be a factor for you to consider, particularly in the event of a desire to realize upon your investment before maturity of the bonds. When buying bonds or stock it is always well to look ahead and determine their prospect of reasonable convertibility.
Question—Kindly tell me if the Vitamine Food Company’s shares are a good investment; the company, I believe, is incorporated in the state of Delaware. —Miss D., Paris, Ontario.
Answer—We have no information on file regarding the Vitamine Food Co. but if, as you say, this concern is incorporated in the state of Delaware, would remind you that it is the invariable practice of our financial department not to advise regarding foreign securities. We prefer to limit ourselves to the Canadian field, where there should be ample opportunity for the investment of your surplus funds.
Question—I have received a foreign exchange bulletin giving particulars regarding government bonds of France, Belgium, Denmark, Japan, Russia, Italy, Finland and Roumania. The bulletin advises that this is an opportunity for a good investment as the rate of exchange is favorable. Please advise if these are a safe investment for one or two thousand dollars.—C. T. P., Niagara Falls, N. Y.
Answer—A great deal of money has been lost in foreign bonds by ill-advised or ignorant investors. Unless you know definitely that the bonds in question are absolutely gilt-edged and guaranteed by the issuing government, these oonds constitute a highly speculative commitment. You would be wiser to adhere to securities of long established enterprises in your own country.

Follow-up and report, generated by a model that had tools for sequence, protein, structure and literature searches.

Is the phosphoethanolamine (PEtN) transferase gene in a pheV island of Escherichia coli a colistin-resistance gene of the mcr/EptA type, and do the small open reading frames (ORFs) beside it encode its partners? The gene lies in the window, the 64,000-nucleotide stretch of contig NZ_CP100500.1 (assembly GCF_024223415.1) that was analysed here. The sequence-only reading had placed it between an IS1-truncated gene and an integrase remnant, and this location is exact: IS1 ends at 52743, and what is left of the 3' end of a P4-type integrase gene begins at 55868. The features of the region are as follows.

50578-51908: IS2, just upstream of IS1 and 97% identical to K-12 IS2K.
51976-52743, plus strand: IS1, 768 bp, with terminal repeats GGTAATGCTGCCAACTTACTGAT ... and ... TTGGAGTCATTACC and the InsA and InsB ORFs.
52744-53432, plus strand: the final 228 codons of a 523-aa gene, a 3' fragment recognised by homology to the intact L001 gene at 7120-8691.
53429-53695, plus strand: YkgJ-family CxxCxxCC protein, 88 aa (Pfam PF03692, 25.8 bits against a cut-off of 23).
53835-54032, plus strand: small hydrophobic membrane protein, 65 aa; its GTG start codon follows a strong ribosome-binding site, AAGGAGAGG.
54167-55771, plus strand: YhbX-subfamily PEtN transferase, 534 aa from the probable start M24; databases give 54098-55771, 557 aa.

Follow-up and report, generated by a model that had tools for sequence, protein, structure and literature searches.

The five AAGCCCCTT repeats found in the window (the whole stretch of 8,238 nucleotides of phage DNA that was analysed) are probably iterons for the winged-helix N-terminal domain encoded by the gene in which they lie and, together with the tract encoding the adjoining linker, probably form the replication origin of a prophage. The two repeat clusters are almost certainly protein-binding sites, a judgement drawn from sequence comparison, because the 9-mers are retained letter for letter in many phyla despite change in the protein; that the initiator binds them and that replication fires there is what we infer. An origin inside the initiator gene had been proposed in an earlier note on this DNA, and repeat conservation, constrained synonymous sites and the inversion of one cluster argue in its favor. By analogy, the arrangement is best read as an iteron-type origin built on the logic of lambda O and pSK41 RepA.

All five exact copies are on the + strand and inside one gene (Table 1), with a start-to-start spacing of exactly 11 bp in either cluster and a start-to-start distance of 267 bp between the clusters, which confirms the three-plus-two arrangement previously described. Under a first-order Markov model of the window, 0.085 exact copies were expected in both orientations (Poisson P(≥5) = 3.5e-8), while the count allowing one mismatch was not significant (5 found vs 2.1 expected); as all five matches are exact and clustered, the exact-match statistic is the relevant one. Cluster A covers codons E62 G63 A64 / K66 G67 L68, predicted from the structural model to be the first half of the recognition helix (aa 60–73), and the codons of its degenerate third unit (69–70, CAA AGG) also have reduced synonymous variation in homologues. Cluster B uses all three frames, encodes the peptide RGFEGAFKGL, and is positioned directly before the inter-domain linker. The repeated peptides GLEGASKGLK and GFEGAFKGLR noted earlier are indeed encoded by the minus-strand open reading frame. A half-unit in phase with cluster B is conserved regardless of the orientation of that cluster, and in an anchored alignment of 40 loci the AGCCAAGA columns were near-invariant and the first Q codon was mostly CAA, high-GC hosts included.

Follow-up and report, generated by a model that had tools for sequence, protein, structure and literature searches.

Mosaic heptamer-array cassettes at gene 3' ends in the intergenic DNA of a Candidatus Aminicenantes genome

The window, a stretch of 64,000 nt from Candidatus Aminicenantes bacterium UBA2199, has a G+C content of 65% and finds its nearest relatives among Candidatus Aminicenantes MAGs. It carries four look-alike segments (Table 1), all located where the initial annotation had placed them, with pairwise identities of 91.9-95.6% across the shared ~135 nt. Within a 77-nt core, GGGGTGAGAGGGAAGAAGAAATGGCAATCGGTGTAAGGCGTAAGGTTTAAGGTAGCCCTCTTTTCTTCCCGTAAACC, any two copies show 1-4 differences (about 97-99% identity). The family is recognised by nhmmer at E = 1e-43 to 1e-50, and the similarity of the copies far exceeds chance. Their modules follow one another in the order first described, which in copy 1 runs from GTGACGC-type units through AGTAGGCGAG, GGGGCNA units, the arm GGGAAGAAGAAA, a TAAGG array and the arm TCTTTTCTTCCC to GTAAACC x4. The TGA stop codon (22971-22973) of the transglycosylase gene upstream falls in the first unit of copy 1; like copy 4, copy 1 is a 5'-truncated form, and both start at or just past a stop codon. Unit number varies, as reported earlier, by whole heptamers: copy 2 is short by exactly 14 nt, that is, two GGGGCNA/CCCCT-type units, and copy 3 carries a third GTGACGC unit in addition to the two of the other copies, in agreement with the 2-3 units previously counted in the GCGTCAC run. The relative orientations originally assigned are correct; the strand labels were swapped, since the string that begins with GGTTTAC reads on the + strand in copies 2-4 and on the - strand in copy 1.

Question-^ have had shares in Southern Alberta Oils, Ltd., for a number of years and would appreciate any information regarding them.—Miss E. K. T., Ontario.
Answer—We can give you no definite news regarding Southern Alberta Oils, Limited. In the main, Alberta oil shares are entirely speculative. As you may be aware the Imperial Oil Company of Canada has been making the most extensive survey of this whole field, and as yet is not prepared to make any definite announcement regarding the future there. Until the Imperial proves its properties in Southern Alberta, it is impossible to say much regarding the prospects of the other concerns. Small investors should be particularly canny of oil shares at best.
Question — Kindly give me your opinion regarding Montreal Finance Corporation. I have been asked to buy some shares but have held off feeling that, I would like to have expert advice before investing, as I can ill afford to be rash with my savings.—W. F., Montreal.
Answer—The Montreal Finance Corporation, Limited, deals in mortgages, purchase and sale agreements, debentures and similar securities. It is specializing in the discounting of mortgages and balances of sale price arising out of the instalment sale of residential property in the city of Montreal. Success in this business is almost wholly dependent upon management. So far as we can determine the management in this case would appear to be satisfactory. The stock is speculative, particularly in your case, where, as you state in your letter, “you can ill afford to be rash with your savings.” We consider it advisable for you to adhere to the practice of purchasing sound bonds, particularly governmental and municipal bonds. These should be the firm foundation for the financial future of all small investors.
Subscribers to MACLEAN’S MAGAZINE desiring advice in regard to Canadian industrial investments, or life insurance problems, will be answered freely. Inquiries should be addressed to the Financial Editor of MACLEAN’S MAGAZINE and a stamped, addressed envelope enclosed.